Refreshing a Zenith Double Walled Ceramic Calabash

Blog by Steve Laug

The next pipe on the work table came to us from a group of pipes that we purchased from an antique store in in Montana, USA on one of Jeff’s pipe hunts. It is a double walled ceramic pipe with an acrylic stem. The pipe is stamped on the brass band on the shank and reads ZENITH [over] HOLLAND. Like a meerschaum it has begun to develop a nice patina around the sides of the bowl mid bowl. The finish was dirty and there was gum from price tags on the surface of the stem. The bowl was moderately caked and there was some darkening on the inner edge of the rim. The edges looked to be in excellent condition. The stem was in good condition other than the labels that had been stuck on it and some tooth chatter and marks on the top and underside near the button. The pipe showed promise but it was very dirty. Jeff took photos of the pipe before he started his cleanup work. He took photos of the rim top and bowl to give a clear picture of the thickness of the cake and the condition of the rim top and domed edges. He also took photos of the top and underside of the stem to show the light chatter and tooth marks. Jeff took photos of the sides and heel of the bowl to give a picture of what the porcelain bowl looked like.    He took photos of the stamping on the band. It reads as noted above and is clear and readable. I turned to Pipedia to look up the brand and find out the background on the Zenith brand as I like that background on the pipes I work on (https://pipedia.org/wiki/Zenith). For me the background adds colour to the restoration work. I quote in full the article below.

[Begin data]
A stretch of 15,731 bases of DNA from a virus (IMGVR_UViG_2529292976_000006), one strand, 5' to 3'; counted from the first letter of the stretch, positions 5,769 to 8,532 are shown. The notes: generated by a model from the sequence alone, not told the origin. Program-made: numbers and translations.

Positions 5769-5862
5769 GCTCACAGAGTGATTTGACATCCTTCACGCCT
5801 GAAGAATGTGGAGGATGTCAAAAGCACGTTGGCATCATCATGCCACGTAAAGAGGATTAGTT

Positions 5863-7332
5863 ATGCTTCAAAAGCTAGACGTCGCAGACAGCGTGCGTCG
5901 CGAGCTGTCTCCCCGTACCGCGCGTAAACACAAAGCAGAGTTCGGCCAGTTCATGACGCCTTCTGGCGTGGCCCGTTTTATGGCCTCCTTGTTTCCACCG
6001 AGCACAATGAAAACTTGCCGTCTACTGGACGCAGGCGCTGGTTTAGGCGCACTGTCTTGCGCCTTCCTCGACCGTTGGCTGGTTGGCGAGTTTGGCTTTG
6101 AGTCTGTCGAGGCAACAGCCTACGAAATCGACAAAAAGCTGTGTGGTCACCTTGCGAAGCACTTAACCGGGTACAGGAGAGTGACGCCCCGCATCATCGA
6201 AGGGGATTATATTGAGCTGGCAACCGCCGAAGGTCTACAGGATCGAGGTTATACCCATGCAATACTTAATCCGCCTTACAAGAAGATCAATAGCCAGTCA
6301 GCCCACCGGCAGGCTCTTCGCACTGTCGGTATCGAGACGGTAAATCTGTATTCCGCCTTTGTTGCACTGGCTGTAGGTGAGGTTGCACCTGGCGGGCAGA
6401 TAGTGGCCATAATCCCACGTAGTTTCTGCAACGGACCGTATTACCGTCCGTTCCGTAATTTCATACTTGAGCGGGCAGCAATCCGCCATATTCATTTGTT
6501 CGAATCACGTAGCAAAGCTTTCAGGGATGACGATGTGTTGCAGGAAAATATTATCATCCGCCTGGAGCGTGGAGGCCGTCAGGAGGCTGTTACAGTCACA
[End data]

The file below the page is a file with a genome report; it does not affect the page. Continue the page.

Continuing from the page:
From Pipes, Artisans and Trademarks, by José Manuel Lopes

Zenith is a porcelain pipe brand whose origins go back to 1749 when half the population of Gouda, around 10 thousand people, were employed in pipe manufacturer.